JUDGE DAVID ARCENEAUX read the Jury’s unanimous decision to the courtroom, “On all 10 items the Jury finds Gulf South Engineers at fault”. A woman attending every day of the trial said “someone has finally defeated the HOUMA MAFIA.” Little did she know there was a surprise coming. Gulf South Engineers, a Houma based company, immediately asked Judge Arceneaux for a new trial. Judge Arceneaux wrote, “I find no fault with the Jury’s findings and will not grant GSE a new trial.
The Judge, by law, had 30 days to issue the written judgment. Eight months passed before Judge David Arceneaux issued the judgment. He over turned the unanimous jury verdict, ruling that GSE was not at fault and Hartec Corp. was responsible for 2.3 million dollars even though the damages were never proven on an item-by-item basis during the trial.
Could this case get worse? Hartec, wanting to appeal Judge Arceneaux’s ruling, requested a copy of the trial transcript. After several requests, Hartec was told they could have a copy if they wrote a check for $42,000… to the court. They would also have to pay $22,000… for a one year bond. After their complaints fell on deaf ears, Hartec wrote the check for $42,000 and paid $22,000 for the bond.Thirteen months later the court still hadn’t given Hartec a copy of the trial transcript. Hartec had to file a legal complaint. After filing the complaint, a year went by and the bond expired, forcing Hartec to pay another $22,000. Shortly thereafter, Hartec received a copy of the transcript. Hartec then filed the proper documents with the First Circuit Court of Appeals in Baton Rouge. To the disappointment of the family-owned Hartec, the case was assigned to activist Judges Mike McDonald and Paige McClendon who was allegedly circumventing the law at the time.
This case was about a construction contract to build an addition to the existing Schriever Water Plant in Terrebonne Parish. The worst tropical storm in the history of the United States was Tropical Storm Allison, which caused billions in damages. Twenty three inches of rain fell within 24 hours in the Thibodaux-Houma area. The Gulf of Mexico surged and Terrebonne Parish flood control pumps failed. Even if the pumps had continued to run there was no place to pump the water. The parish was flooded which included all of the Schriever Water Plant’s existing structures and land.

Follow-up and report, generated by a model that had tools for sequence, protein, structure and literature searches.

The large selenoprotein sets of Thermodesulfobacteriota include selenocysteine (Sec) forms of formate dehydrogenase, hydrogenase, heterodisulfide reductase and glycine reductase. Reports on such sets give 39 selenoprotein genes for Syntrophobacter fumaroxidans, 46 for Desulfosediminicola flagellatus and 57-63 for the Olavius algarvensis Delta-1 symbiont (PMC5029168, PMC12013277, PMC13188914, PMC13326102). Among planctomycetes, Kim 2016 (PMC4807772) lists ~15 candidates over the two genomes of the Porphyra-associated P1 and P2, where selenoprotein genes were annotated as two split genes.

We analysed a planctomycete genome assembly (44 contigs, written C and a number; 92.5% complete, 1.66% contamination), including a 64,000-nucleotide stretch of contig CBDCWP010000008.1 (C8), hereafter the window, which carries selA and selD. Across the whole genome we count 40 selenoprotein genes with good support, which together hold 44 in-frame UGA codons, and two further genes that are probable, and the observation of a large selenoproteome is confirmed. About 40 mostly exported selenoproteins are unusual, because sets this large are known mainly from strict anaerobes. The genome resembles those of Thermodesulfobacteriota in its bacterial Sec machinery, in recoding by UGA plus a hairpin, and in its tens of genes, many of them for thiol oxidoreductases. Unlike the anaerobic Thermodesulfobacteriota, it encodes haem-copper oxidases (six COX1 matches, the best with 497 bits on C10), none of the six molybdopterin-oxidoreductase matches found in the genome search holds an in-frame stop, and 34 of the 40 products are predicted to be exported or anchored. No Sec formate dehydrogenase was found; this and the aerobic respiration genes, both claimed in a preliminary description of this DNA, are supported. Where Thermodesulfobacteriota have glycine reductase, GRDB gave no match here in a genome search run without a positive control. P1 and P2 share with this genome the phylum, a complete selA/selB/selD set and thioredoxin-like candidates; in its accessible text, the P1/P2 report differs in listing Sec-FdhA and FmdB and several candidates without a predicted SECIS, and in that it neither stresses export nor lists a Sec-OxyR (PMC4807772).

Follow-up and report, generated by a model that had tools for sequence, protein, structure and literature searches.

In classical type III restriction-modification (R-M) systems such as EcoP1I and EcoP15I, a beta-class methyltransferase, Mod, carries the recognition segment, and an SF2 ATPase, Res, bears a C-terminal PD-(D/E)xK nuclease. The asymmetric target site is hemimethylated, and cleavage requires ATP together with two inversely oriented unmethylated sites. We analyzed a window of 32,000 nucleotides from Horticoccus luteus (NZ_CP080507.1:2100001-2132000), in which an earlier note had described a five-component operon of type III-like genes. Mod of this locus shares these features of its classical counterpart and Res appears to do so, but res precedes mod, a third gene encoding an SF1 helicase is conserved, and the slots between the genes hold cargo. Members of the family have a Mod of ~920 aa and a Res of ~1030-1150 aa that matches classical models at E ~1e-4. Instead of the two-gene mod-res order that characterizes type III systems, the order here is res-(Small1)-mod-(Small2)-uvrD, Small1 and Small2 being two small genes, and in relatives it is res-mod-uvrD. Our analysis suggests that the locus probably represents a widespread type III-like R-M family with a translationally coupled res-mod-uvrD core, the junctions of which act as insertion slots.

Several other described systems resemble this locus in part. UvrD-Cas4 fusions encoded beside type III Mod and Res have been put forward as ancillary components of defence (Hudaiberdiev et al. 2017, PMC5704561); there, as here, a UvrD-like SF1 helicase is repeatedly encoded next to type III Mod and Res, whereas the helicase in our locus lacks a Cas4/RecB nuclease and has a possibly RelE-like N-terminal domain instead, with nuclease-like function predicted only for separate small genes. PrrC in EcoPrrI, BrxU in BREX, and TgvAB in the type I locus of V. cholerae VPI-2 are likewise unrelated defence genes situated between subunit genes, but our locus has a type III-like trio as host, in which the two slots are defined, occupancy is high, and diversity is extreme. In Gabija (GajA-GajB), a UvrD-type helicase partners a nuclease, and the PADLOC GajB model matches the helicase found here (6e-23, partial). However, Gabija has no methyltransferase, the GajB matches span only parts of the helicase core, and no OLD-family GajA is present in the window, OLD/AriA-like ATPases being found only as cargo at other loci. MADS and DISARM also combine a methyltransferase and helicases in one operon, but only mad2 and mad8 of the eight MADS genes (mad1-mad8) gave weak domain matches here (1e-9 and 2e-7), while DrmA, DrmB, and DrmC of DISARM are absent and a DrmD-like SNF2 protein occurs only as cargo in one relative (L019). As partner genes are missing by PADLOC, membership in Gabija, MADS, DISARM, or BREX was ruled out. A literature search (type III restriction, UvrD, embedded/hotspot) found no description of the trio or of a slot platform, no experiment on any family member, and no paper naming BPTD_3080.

The case was brought to the First Circuit. Judge McDonald’s ruling was beyond law or logic. Judge Mike McDonald ruled that Hartec should have purchased and supplied pumps capable of holding back the water (a billion dollars in pumps couldn’t hold back the water). McDonald also ruled Hartec should have built levies to protect the Schriever Water Plant even though it was not a part of Hartec’s contract. (The levy with overpasses would have cost over $12 million). The ruling was so bizarre that business organizations filed amicus briefs asking the La. Supreme Court to hear the case. Our source tells us the Supreme Court only hears 1% of the hearing requests. Opinion research shows Attorney General Buddy Caldwell is perceived to be the most honest public official in Louisiana and his office reviewed the McDonald decision and filed an amicus brief asking the Supreme Court to hear the case because it was in conflict with other rulings. The Supreme Court still refused to hear the case. The two small businessmen, father and son, had to personally pay $2.3 million in unproven costs.